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Queens lawmaker introduces bill to help parents return to workforce following COVID-19 pandemic

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Congresswoman Grace Meng introduced a new legislation that aims to promote family-friendly policies in the workplace in order to help parents who were forced to leave their jobs due to the COVID-19 crisis return to the workforce.

Since the beginning of the coronavirus outbreak, many parents have been forced to leave the workforce in order to meet the unprecedented demands of caregiving, remote schooling, housework and other family responsibilities. This has especially impacted mothers, particularly moms of color, as there are about 2 million fewer women — including 1 million fewer moms — in the labor force than there were before the pandemic began.

Meng’s bill, the Honoring Family-Friendly Workplaces Act, seeks to motivate businesses to provide a healthier and easier work-life balance for hardworking families.

“We must do more to promote positive work environments so that working parents are able to return to the labor force as soon as possible, and my legislation would be a major boost in implementing policies to help in that critical effort,” Meng said. “Working parents have faced enormous challenges during the pandemic, and we must make sure that their working environments are well suited for them as they make their way back to the workforce. We cannot leave working parents out of our nation’s recovery as we rebound from the pandemic. We must assist them so that they can resume and advance their careers and once again receive a paycheck without sacrificing the needs of their children and families.”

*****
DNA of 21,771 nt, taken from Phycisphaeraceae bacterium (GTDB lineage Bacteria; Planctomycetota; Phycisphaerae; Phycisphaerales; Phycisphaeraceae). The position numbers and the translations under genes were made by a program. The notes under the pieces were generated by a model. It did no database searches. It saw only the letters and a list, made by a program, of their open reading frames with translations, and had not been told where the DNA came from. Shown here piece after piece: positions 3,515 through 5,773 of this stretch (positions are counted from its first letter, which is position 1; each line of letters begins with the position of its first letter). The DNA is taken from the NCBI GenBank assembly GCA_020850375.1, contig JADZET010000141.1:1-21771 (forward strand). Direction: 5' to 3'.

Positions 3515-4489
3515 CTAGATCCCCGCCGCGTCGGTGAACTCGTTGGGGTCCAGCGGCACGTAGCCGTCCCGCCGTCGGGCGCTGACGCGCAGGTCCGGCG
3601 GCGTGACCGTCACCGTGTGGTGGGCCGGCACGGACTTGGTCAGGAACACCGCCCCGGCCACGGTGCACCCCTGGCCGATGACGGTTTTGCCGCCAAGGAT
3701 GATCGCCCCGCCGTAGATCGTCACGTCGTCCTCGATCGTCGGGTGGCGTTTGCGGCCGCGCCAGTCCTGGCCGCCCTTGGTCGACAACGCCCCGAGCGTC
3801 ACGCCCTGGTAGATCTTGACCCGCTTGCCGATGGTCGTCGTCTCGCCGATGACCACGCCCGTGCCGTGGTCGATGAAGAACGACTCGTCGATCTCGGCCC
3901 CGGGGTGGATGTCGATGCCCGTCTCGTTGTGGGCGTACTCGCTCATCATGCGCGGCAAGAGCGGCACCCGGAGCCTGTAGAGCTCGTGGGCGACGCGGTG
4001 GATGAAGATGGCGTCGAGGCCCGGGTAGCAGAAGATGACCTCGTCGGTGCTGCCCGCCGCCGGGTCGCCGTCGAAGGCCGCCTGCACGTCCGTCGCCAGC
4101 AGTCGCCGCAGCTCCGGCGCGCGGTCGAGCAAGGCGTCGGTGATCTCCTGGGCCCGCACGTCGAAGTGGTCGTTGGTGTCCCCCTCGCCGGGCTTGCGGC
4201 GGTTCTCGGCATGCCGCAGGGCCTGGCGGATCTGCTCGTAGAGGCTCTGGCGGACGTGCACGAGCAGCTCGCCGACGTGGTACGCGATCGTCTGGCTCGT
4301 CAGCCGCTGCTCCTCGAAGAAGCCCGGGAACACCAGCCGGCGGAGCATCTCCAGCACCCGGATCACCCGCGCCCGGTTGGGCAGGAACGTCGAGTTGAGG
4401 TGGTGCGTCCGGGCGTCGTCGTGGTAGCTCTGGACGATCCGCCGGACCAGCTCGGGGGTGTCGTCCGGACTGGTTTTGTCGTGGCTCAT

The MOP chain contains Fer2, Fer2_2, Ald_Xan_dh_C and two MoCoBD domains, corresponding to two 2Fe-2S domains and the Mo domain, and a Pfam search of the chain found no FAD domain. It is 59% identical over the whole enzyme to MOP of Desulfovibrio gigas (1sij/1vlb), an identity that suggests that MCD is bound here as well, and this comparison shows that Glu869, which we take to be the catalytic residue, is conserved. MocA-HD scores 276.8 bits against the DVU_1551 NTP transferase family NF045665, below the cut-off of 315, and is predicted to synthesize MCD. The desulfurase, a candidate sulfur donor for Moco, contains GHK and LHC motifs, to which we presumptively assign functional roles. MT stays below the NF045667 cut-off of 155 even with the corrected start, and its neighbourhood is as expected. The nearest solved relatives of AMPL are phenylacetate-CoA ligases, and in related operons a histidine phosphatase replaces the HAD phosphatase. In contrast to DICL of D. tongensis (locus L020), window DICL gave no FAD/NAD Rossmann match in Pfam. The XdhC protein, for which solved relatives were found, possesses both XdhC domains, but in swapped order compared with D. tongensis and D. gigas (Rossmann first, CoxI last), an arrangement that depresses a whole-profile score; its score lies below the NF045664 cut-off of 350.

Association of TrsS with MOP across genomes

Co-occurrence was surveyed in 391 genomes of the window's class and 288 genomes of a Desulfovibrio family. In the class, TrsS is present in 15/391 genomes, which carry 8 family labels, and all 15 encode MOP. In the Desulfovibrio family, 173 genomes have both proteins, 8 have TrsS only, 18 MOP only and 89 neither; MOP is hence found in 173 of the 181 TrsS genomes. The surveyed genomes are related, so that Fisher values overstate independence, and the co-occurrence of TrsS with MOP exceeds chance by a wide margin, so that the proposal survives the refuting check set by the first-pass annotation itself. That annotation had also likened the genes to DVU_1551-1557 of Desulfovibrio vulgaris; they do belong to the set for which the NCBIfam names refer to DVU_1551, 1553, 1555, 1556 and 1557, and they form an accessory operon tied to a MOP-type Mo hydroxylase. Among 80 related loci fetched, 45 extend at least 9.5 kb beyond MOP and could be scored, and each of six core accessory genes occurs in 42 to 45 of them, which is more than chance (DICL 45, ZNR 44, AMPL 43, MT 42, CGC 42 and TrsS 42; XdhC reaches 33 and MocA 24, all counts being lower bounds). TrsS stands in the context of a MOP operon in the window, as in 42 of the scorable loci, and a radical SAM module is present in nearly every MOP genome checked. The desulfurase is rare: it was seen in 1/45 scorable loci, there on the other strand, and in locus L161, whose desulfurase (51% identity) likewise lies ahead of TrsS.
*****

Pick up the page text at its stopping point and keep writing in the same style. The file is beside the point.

Specifically, Meng’s measure would direct the U.S. Department of Labor to establish a national certification program that recognizes exemplary family-friendly business policies. It would recognize and incentivize employers who commit to helping employees better juggle their family obligations and work responsibilities.

“Nobody should have to choose between their work or their family,” Meng said.

This certification program is intended to be similar to the EPA’s ENERGY STAR program that helps consumers identify energy-efficient products. It would evaluate businesses on a number of policies, including paid sick days for workers; child care subsidies; lactation support; reasonable accommodations for pregnant employees; assistance paying for or referring workers to fertility or adoption services; paid family leave of at least 12 weeks per year; and/or, and flexible hours — or remote work policies — once parents return to work after a birth, adoption or foster care placement.

The Honoring Family-Friendly Workplaces Act, which has 14 cosponsors, has been endorsed by the National Partnership for Women and Families, Marshall Plan for Moms, MomsRising, Women’s March and the National Asian Pacific American Women’s Forum (NAPAWF). It follows the Marshall Plan for Moms, a measure Meng introduced in February that provides a framework to revitalize and restore mothers in the workforce.

Debra Ness, president of the National Partnership for Women and Families, said employers that adopt family-friendly policies raise the bar for industry standards and promote better state and federal policies. 

“We commend Rep. Meng for introducing the Honoring Family-Friendly Workplaces Act to recognize employers that provide critical benefits like paid family and medical leave and paid sick days,” Ness said. “These worthwhile investments improve the lives of employees, their families and communities — and are good for business.”

Sung Yeon Choimorrow, executive director of the National Asian Pacific American Women’s Forum, said unemployment rates for Asian American and Pacific Islander women nearly tripled as a result of the pandemic. 

“This is on top of the disproportionate wage gap that has plagued certain subgroups of Asian American and Pacific Islander women,” Choimorrow said. “The Honoring Family-Friendly Workplaces Act is grounded in common sense and I applaud Rep. Meng’s leadership to create family-positive work environments so working parents aren’t forced to live in the endless cycle of choosing between our livelihoods and the well-being of our families.”

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